The first impression though is that its simply adding a competitive layer to drill and test... and I suspect many users will stay at that rather superficial level.
I can see there could be some good uses in preservice teacher education for looking at game and gamification dynamics.
A really interesting and very successful experiment in developing Twitter literacy. "Our thesis was three-fold: that Twitter vs. Zombies would function as a lightning-fast version of a connectivist MOOC; that it would build a community of engaged players who would co-develop the game; and, foremost, the players would learn more robust ways to use Twitter".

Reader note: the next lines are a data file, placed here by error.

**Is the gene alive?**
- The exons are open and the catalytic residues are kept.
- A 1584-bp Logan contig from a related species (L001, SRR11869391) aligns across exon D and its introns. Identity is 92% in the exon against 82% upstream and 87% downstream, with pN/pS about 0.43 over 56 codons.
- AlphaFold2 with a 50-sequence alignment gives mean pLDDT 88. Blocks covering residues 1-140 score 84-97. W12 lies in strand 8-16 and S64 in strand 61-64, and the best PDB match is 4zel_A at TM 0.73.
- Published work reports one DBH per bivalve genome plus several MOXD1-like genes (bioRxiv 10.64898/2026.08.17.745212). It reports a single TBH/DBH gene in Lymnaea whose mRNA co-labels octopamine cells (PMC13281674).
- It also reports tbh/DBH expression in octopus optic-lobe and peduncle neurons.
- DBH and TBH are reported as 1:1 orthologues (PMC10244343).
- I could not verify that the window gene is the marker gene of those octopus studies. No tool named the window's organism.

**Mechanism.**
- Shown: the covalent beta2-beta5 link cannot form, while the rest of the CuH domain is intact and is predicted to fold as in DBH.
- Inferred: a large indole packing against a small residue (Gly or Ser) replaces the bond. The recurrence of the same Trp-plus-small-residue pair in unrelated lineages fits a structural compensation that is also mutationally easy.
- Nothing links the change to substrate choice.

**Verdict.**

Blooms Taxonomy was developed in 1956 and was used to help classify the difficulty associated with questions asked during assessments, ultimately being transformed into a “system” for classifying various learning outcomes. But how do serious games tie in with Blooms Taxonomy?
This week gamesandlearning.org along with the Institute of Play will be reporting on how games are changing the way new and current teachers learn to teach and what that means for the use of games in the classroom.
The proven efficacy of games in helping students learn has yet to fully surmount skeptical attitudes among educators, but the motivational aspects of games are enticing, as are the futuristic apps and cross-cultural connections that new devices make possible.
Kim Flintoff's insight:
We have been working on the ARLE initiative for a large part of this year.